Every time I roll into Butte, Mark Ross’ eponymous 1992 long-player – one of the finer Agit-Folk albums upon which you’ll ever lay your ears – lodges itself into my noggin’; and there it remains ensconced for the duration of the visit. It’s perhaps fitting, then, that the Montana Folk Festival, now having completed its sixth iteration, has become my concert-going highlight of the year.
I sang its praises twice before (here and here), but it seems to just keep getting better. It can’t, of course, match the breadth of Folklife’s four full days of musical mayhem; but the spine-tingling moments now arrive with such plenitude to have the former out in front, by a nose or two, of the latter.
From the ear-splitting roars greeting Bernard Allison’s Fest-opening guitar pyrotechnics; to the Global Dance Party erupting at the conclusion of Granite Street’s penultimate set, from Ethiopian phenomenon Fendika; and so many in-between; the audience/performer feedback loop drove the energy again and again to dizzying heights. Maybe there’s something to it: that Montana mountain air to which the artists throughout the weekend made reference.
Over at the Flickr page, hundreds of photos are ready and waiting to be viewed. But in addition to the usual photo and audio documentation, took a goodly quantity of footage this year; which we’ll gather up here, to keep everything neat and tidy. Here’s to it. (Hint: the
First up, closing out the Dance Pavilion Friday night; a live experience as thrilling as any in recent memory, from the eleven-piece Boston-based Ethiopian Funk outfit Debo Band.
Saturday began where Friday left off. After boggling at the beautiful costumery adorning the Git Hoan dancers…
…it was right back to the Dance Pavilion, for the high-powered Polka-slash-gymnastics stylings of The Polka Towners. There is no chance whatever of watching this clip without a mile-wide grin erupting across one’s face.
More subdued, but no less entrancing, were the stunning sounds threwn out of Wang Li’s mouth harp. How the Hell does he do this?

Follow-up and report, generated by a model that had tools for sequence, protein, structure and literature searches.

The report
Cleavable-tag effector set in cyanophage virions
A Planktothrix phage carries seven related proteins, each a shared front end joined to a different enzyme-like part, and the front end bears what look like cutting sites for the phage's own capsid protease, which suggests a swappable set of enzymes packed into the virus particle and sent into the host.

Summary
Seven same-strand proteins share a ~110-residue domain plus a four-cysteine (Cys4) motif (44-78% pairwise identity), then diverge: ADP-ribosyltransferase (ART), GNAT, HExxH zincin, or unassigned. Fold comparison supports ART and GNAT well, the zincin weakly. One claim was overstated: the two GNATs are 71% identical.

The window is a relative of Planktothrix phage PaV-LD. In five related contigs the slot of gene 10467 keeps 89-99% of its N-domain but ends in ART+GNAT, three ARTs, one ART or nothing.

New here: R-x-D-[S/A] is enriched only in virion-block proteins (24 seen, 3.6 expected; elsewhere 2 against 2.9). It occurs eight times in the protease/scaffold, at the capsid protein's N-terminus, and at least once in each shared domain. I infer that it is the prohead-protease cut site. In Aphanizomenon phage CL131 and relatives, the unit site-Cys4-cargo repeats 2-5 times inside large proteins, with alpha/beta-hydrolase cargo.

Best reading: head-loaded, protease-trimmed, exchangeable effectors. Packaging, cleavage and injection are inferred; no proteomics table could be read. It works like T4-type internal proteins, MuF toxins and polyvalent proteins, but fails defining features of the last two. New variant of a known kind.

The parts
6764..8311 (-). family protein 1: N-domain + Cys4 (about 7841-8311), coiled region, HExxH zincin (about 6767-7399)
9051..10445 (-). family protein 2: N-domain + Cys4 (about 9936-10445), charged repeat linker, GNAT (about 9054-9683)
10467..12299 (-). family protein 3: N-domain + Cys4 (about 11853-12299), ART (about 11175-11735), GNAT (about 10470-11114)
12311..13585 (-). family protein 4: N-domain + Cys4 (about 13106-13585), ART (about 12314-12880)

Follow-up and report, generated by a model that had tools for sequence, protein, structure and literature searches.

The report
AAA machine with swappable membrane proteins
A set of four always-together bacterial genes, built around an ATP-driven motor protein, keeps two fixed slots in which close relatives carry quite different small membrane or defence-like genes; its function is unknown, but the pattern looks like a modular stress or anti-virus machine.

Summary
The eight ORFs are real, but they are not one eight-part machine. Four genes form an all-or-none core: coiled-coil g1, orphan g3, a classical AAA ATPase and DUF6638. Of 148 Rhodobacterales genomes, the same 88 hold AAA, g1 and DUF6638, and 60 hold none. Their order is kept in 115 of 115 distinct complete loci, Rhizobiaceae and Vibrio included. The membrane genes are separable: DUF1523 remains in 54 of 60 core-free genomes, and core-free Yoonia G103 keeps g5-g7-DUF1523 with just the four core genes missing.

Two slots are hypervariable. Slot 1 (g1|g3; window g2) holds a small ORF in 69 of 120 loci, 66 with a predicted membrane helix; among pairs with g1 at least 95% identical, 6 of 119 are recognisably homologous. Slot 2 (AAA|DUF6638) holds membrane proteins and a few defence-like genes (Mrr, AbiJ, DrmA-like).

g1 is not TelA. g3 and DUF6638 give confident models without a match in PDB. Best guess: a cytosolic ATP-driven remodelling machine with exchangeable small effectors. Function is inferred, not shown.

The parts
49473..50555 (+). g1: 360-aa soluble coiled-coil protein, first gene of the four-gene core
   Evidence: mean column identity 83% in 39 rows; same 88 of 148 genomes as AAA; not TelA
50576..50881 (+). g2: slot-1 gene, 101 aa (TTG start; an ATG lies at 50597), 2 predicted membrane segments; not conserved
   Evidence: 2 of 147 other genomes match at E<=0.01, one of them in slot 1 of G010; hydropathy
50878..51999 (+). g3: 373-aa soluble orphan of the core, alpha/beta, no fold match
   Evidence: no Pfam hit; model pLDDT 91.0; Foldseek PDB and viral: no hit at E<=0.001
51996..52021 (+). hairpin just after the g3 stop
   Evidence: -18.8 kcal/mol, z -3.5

After a fine Irish set, and some more wonderful costumes, this time Tibetan…
…it was time to head back to the Dance Pavilion for a second Ethiopian smash-’em-up throw-’em-down.
Holy crap!, what a great band.
Saturday’s set even included a guest appearance by what may have been the entirety of Butte’s Ethiopian community.
Still at the Dance Pavilion, The Mamou Playboys’ propulsive Cajun sounds couldn’t quite keep pace with what had come before – but was also a very long way from being a slouch. Closing out Saturday’s festivities, Grupo Fantasma could keep pace.
Starting at a high level, and ramping up from there, this remarkable Salsa band (with an absolutely shredding guitarist) doesn’t take a back seat to anybody. By the time vocalist “Kino” Esparza pulled an audience-member up on stage to dance with him, there was no turning back. A line of not only girls, but men and children as well, then proceeded to invite themselves on stage to shake their booties in front of god and everybody.
Didn’t take any vids, alas, in fear that it would be too hot for the camera’s mic to handle. Just gotta experience it for yourself. Saturday night at the Dance Pavilion is always a wing-ding-and-a-half.
The Vietnamese husband-and-wife team opening up Sunday at the Broadway stage were a bit uneven, truth be told. But the good bits were very good.
New Orleans Piano master Henry Butler got the Mainstage crowd singing along…
…though down at Granite Street, it was all it could do to even breathe, such was the heart-stopping power of Nathalie Pires’ incredible pipes.
And then, finally, the other Ethiopian act, Fendika, matched their Debo Band cousins (one of whom sat in on violin) thrill for thrill. Cinch your jaw up tight, and dive in…
Following that up, anything was going to be anti-climactic. And the Marshall Ford Swing Band’s Festival-closing set was. But even then, these cats – in their sixth set of the weekend — played their dimpled asses off.
Thank you yet again, Butte. The World is heading down the shitter faster than a speeding bullet. But, just maybe, so long as we’ve got music, there could be some hope for humanity.
So depressing was the Festival’s conclusion, that yours truly couldn’t even get excited for the traditional post-Fest visit to the Yellowstone; instead preferring to stay right there in Butte, for more music.
But even despite one day’s having been marred by cold and rain, Yellowstone never fails to jolt. Soon enough, the Festival would be a mere memory (sort of); and it would be more time to spend taking in the Park’s sublime wonders for which I would now pine, having returned all-too-soon back to Seattle’s by-comparison humdrum offerings.
How many gajillions of Yellowstone pictures inhabit Flickr’s collective photosphere? Don’t know! But I’ve duly added a few more to the digital heap.
When you think about it, given the existence of the Yellowstone River, what need is there, really, of ever watching movies? This is all the god damn drama one could ever, ever want.